Following 11 consecutive interest rate hikes, the Federal Reserve Bank held interest rates steady at a range of 5.25 percent to 5.50 percent in September 2023. For some investors, rising interest rates may present market opportunities and a potential increase in income; for others, a watchful eye may be needed. A key investing strategy to consider in the current environment is managing sensitivity to this interest rate risk and inflation expectations.
One of the basic concepts of bond investing is the inverse relationship between interest rates and bond prices. As interest rates rise, bond prices fall, causing a loss in current value. Further, the longer the period until a bond’s maturity, the more sensitive the bond price usually is to changes in interest rates. This can be especially true for bonds with zero or low coupon payments.
For example, consider an investor who today puts $5,000 in 10-year Treasury bonds paying a coupon rate of 4.75 percent. Fast forward two years, when interest rates rise to 6 percent. If the investor needs to sell those bonds, he/she may have difficulty unloading them in a market where newer bonds offer higher interest. The investor will likely receive less for the bonds than he/she originally paid. This makes sense, as it could be rare for someone to want to buy a bond that pays a 4.75 percent interest when many other bonds pay 6 percent. The longer the time the bond matures, the more uncertainty and risk the investor may face.
However, not all bonds are created equal. Some will be more sensitive to rising interest rates than others, and even those more sensitive may play an essential role in smoothing investment portfolio volatility. Low-coupon bonds, zero-coupon bonds and very long-term bonds tend to be most sensitive to changes in interest rates and usually have more risk as rates rise. High-coupon bonds, short-term maturity bonds and even low-credit-quality bonds tend to be less sensitive to interest moves (although low-credit-quality bonds are subject to other risk factors).
Another critical point to remember is that the Fed’s interest rate hikes increase the very short-term rate with no influence over other longer-term rates. Therefore, short-term rates may rise while longer-term rates stay level. This is called a “flattening” of yields, for which the difference between short-term and longer-term rates shrinks. In this example, short-term bonds may do much worse than longer-term bonds. What is an investor to do?
The tried-and-true concept of portfolio diversification can be as crucial with stocks as with bonds. It is difficult for investors to pinpoint exactly what the bond market and the Fed will do in the future. One approach investors may consider is to focus on their personal saving and spending goals while building and maintaining an investment strategy consistent with their unique individual situation.
Savvy investors can understand these issues and help minimize their interest rate risks through asset diversification. For example, investors may buy bonds of different maturity, credit risk and class, including government, corporate or municipal bonds. They also may balance out their investing risk by putting money into mutual funds that include bond investments and/or investing in a mix of less sensitive bonds or bond funds with riskier but potentially higher-yield equity investments.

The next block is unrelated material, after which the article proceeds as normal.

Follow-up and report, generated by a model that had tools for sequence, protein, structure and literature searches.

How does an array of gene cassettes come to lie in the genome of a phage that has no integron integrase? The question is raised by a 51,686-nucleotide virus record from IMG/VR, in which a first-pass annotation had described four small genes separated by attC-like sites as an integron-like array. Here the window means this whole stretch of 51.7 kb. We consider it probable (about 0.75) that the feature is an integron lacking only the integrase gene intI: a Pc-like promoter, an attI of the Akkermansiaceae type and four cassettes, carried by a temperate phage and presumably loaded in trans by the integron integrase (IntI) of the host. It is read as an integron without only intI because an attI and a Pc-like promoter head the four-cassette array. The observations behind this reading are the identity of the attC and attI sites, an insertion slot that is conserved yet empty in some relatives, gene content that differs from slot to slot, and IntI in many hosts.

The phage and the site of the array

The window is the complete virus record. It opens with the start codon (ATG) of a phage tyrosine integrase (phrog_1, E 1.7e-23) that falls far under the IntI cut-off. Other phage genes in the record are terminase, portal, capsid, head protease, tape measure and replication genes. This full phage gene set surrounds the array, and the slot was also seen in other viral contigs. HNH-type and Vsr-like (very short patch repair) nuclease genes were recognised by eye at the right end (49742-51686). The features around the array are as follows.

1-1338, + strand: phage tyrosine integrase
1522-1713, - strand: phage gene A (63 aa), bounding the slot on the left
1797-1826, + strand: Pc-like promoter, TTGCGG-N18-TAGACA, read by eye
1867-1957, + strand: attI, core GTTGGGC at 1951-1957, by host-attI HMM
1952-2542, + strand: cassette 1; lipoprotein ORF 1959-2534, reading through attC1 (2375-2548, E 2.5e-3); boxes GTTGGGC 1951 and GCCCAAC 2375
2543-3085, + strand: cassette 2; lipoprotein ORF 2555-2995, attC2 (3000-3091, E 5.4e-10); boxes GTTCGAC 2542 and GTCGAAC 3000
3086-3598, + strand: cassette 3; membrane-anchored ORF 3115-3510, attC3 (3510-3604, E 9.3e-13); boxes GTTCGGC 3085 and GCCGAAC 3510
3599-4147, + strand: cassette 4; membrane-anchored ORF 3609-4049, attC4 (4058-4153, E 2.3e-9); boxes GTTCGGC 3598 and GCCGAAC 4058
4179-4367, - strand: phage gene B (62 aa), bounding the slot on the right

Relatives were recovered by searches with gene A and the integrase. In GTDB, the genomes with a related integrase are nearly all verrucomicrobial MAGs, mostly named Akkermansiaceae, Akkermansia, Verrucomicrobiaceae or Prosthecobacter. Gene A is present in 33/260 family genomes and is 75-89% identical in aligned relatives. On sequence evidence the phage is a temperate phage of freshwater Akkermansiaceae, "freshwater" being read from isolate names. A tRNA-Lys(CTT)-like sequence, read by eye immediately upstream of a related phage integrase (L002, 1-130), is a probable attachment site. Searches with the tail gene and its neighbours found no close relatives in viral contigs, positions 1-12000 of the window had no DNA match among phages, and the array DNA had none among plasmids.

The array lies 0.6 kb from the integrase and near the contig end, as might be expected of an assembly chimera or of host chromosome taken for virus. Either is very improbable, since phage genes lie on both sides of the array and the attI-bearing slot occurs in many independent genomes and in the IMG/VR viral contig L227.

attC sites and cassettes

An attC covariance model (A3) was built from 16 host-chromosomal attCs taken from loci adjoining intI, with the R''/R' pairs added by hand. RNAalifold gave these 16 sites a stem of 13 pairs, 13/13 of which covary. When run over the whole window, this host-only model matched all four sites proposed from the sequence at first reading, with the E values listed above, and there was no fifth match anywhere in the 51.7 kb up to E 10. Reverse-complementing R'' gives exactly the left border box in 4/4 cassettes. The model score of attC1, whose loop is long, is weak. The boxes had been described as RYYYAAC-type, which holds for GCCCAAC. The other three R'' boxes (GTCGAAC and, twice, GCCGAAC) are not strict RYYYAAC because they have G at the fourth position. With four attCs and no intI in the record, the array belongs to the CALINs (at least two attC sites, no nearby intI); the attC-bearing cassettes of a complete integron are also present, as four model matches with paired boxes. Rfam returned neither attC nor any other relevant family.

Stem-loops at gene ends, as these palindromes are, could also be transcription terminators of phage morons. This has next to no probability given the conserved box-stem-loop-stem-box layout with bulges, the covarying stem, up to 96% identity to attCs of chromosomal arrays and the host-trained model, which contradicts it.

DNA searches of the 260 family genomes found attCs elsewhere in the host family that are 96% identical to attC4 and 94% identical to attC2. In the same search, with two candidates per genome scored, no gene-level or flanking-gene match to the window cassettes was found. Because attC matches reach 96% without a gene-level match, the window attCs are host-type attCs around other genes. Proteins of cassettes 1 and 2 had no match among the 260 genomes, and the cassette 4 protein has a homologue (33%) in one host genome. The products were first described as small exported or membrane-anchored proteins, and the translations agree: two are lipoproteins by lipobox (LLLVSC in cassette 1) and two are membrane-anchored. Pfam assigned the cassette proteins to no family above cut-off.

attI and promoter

About the Author: Todd A. Moll, CFP®, CFA, is a director and chief investment officer with Provenance Wealth Advisor (PWA), an Independent Registered Investment Advisor affiliated with Berkowitz Pollack Brant Advisors + CPAs and a registered representative with PWA Securities, LLC. He can be reached at the firm’s Fort Lauderdale, Fla., office at (954) 712-8888 or firstname.lastname@example.org.
Provenance Wealth Advisors (PWA), 200 E. Las Olas Blvd., 19th Floor, Ft. Lauderdale, FL 33301 (954) 712-8888.
Todd A. Moll, CFP®, CFA, is a registered representative of and offers securities through PWA Securities, LLC, Member FINRA/SIPC.
This material is being provided for information purposes only and is not a complete description, nor is it a recommendation. The information has been obtained from sources considered to be reliable, but we do not guarantee that the foregoing material is accurate or complete. There is no guarantee that these statements, opinions or forecasts provided herein will prove to be correct.
Any opinions are those of the advisors of PWA and not necessarily those of PWA Securities, LLC. While we are familiar with the tax provisions of the issues presented herein, as Financial Advisors of PWAS, we are not qualified to render advice on tax or legal matters. You should discuss any tax or legal matters with the appropriate professional. Prior to making any investment decision, please consult with your financial advisor about your individual situation.
Every investor’s situation is unique, and you should consider your investment goals, risk tolerance and time horizon before making any investment. Investing involves risk and you may incur a profit or loss regardless of the strategy selected. There is an inverse relationship between interest rate movements and fixed-income prices. Generally, when interest rates rise, fixed-income prices fall, and when interest rates fall, fixed-income prices generally rise.
Posted on November 21, 2023